Sometime in April, Rep. Dana Rohrabacher (R-CA) and staffer Paul Behrends separate from a group of other House members in Moscow to meet with Vladimir Yakunin, the former president of Russian Railways and then-president of the Dialogue of Civilizations (DoC) organization in Berlin. The meeting is arranged by Sergey Kislyak.
According to Rohrabacher, Yakunin wanted to discuss his DoC organization and the Magnitsky Act.
In an investigation of Russian interference in the 2016 election, the Senate concludes that Yakunin is a close confidant of Vladimir Putin and is heavily involved in Russian’s influence activities in global elections. (It makes sense, then, that Yakunin relocated to Germany as the country is a current target of Russian infiltration.)
At another meeting the following day, this one attended by every House member on the trip, the Congressman meets with Konstantin Kosachev, a Kremlin official that the Senate identifies as “significantly involved in Russian influence activities, including those targeting the United States.”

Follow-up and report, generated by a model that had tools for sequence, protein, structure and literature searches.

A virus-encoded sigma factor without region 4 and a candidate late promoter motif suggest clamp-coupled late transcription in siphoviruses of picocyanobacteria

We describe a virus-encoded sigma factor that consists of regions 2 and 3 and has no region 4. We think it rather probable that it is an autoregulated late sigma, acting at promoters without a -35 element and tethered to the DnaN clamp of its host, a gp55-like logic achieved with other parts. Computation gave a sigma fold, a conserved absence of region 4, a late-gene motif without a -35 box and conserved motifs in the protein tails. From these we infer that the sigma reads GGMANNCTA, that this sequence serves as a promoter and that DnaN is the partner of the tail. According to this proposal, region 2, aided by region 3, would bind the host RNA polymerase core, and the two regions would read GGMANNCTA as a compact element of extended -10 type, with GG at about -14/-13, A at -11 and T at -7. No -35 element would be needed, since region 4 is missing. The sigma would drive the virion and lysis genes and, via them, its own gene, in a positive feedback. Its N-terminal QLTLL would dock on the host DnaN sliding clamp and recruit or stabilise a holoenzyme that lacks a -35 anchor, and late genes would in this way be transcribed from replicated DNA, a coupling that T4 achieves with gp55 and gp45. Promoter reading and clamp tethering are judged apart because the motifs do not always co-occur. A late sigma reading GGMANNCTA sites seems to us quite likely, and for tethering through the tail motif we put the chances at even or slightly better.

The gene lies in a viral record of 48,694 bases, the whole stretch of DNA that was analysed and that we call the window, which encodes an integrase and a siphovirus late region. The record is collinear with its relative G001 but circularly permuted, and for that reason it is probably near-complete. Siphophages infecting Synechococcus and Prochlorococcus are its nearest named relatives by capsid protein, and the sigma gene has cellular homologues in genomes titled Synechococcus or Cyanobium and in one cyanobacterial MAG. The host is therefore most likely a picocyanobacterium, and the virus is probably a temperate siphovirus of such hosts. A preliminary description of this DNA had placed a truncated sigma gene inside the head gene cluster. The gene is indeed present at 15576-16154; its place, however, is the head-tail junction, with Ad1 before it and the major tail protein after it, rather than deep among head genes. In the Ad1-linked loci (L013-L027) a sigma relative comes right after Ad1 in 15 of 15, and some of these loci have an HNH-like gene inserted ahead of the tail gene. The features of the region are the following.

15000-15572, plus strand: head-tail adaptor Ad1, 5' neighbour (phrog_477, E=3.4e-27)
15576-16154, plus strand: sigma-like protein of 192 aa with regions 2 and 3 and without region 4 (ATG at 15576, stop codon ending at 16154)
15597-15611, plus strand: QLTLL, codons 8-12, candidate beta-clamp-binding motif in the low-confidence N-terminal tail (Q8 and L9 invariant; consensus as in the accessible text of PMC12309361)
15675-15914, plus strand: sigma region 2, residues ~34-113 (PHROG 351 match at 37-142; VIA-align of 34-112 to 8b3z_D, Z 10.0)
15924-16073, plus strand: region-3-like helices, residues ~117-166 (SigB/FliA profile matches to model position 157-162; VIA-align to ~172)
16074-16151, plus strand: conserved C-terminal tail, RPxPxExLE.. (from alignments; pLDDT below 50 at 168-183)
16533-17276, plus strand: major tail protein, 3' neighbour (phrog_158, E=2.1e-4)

At the end of the meeting, Kosachev passes Rohrabacher a note that asks if he is willing to receive “sensitive documents,” and Rohrabacher agrees.
According to documents obtained by the Senate’s Select Committee on Intelligence, the folder’s primary documents referred to allegations about the Magnitsky Act. According to The Daily Beast, “It lays out an alternate reality in which the U.S.—and the rest of the world—has been duped by a fake $230 million scandal that resulted in sanctions being imposed on 44 Russians linked to murder, corruption, or cover-ups.”
Russian attorney Natalia Veselnitskaya will carry a similar document with her when she meets with the Trump campaign in June.
Both Yakunin and Kosachev are either sanctioned by the U.S. at the time of the meeting or sanctioned years after the meeting.